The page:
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Another up week for the XAO (1.5%). As the chart shows price has risen to the upper boundary of a price channel which has seen the XAO range-bound since June. My preferred view is that price will break up out of that channel next week to move up towards 6,800. The alternative view is that the XAO will fall back from its current level to around 6,000 before moving up again. While this probably sounds like having a bet both ways (ie “price could go up but it could go down”), until prices move decisively one way or the other all we can do is hope for 6,800 while being ready for a pull-back, if it happens.

My portfolio rose just under 2% for the week – a little better than the overall market. I decided to sell 50% of my small holding in MSB as I could see it going lower (it ultimately lost 7.7% for the week so perhaps I should have sold the lot!). BXB rallied slightly from my stop loss but it was sold this week for a small loss (.06%) as it hadn’t performed as I had hoped and remains in a downtrend. I also quit a small long-term holding in AVH that I had been watching since I got caught when AVH’s price collapsed in March. Price had rallied a bit since the start of August, but this week saw a fall of 6.6% eroding most of those gains. While I think its price will recover, that could be a long process and (like BXB) I believe my capital could be better utilised elsewhere.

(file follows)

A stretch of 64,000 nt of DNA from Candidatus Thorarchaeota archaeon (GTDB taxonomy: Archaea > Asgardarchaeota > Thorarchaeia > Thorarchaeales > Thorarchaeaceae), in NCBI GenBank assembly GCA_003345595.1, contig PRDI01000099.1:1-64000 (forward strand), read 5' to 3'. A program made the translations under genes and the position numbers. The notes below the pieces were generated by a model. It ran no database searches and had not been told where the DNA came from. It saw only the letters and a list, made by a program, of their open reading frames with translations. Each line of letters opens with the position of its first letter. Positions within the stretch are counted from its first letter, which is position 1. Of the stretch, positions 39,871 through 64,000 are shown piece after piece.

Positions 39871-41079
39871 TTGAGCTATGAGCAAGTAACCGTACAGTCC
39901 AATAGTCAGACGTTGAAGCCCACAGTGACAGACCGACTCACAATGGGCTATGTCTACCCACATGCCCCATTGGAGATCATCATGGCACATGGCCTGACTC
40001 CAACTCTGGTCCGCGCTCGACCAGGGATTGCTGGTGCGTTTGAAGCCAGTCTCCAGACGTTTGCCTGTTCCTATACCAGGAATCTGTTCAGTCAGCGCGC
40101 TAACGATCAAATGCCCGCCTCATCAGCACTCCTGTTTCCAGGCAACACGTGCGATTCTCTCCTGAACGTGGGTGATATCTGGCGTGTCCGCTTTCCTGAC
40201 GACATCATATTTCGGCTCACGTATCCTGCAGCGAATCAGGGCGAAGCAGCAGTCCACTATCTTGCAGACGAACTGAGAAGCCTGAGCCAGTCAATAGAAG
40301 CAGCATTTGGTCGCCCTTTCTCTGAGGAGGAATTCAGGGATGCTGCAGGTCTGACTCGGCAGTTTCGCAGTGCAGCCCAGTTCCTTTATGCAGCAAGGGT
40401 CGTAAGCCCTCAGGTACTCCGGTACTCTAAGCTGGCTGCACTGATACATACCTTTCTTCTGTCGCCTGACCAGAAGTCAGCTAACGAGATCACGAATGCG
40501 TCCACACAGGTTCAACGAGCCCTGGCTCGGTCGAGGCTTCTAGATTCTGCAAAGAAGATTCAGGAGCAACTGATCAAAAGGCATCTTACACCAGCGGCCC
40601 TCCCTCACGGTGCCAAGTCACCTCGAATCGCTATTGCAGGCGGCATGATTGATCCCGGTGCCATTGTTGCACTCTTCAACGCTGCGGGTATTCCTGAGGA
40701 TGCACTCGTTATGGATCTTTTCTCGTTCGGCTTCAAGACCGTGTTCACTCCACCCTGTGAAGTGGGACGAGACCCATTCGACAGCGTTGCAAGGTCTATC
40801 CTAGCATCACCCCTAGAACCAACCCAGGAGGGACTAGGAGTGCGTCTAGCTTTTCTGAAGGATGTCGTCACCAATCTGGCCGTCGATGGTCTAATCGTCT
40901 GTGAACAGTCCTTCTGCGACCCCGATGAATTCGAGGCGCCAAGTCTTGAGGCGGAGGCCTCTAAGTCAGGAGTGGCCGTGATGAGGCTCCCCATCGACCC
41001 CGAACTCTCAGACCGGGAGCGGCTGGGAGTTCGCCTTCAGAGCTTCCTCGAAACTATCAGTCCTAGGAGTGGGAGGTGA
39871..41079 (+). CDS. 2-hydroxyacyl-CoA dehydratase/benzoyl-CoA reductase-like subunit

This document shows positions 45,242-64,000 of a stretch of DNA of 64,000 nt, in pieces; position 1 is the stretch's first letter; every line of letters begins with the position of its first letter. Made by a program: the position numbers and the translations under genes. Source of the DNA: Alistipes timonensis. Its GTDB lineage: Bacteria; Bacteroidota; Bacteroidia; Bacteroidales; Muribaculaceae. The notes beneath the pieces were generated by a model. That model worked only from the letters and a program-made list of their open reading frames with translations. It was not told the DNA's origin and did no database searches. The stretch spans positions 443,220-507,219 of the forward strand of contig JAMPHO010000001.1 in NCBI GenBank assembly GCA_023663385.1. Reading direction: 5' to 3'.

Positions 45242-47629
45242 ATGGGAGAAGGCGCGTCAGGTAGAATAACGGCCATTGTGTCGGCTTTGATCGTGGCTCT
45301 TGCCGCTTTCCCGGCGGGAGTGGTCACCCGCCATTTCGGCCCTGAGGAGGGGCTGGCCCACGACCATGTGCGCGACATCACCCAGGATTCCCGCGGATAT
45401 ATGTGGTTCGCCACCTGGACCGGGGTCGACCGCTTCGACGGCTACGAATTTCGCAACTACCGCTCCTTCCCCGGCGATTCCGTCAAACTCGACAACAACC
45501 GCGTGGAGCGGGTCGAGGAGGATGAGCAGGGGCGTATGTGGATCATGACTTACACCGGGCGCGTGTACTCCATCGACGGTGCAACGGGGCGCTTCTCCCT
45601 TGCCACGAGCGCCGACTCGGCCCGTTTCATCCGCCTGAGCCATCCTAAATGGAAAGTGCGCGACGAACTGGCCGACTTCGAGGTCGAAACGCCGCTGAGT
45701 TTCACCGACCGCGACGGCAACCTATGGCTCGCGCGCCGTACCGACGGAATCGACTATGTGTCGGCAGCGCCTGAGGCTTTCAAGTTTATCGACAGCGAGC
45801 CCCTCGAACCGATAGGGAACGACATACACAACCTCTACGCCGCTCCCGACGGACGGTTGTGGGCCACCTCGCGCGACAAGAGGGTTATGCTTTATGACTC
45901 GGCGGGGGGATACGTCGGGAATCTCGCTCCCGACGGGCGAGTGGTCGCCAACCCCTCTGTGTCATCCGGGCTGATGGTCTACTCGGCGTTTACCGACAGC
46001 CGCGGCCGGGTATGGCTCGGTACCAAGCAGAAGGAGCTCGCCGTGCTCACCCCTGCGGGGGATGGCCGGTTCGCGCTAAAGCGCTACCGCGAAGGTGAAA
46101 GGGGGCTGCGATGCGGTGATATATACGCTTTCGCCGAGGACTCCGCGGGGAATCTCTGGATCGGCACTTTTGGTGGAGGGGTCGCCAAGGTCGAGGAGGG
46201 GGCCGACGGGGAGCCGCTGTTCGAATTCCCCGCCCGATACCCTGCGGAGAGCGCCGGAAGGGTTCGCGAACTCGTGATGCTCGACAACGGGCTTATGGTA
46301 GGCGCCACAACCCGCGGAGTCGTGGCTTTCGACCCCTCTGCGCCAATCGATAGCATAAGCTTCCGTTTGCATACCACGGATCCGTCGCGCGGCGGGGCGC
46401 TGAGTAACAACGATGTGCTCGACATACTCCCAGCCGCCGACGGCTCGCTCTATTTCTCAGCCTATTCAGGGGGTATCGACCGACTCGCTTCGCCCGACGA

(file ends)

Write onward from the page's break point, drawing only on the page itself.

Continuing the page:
My best performers for the week were MQG (up 3.5%), PME (9.0%), ALU (3.9%), MYX (3.1%). Worst performers were LOV (-4.5%), MSB (-7.7%).

Two stocks I’ve mentioned in the last couple of weeks have continued to rise – DSE (up 44% for the week) and BAP (8.7%).

I identified 12 new stocks for potential inclusion in my Stocks to Watch page this week but decided to limit that to six that seem to have the strongest outlook. Two stocks (DSE and PTB) were removed from the list.

Thought for the week:

Many investors have poured into BNPL stocks in recent times. ASIC is about to rule on whether BNPL lending should be subject to responsible lending guidelines (something separately being considered for watering down by the federal government). My guess is ASIC will require BNPL lenders to adopt similar procedures as required by current consumer lending legislation. If that comes to fruition the BNPL business model will suffer a significant hit.

XAO 16Oct2020

Contact

Robert Norman

Phone: 0428 346 951
Email: robert@sharecharting.com.au

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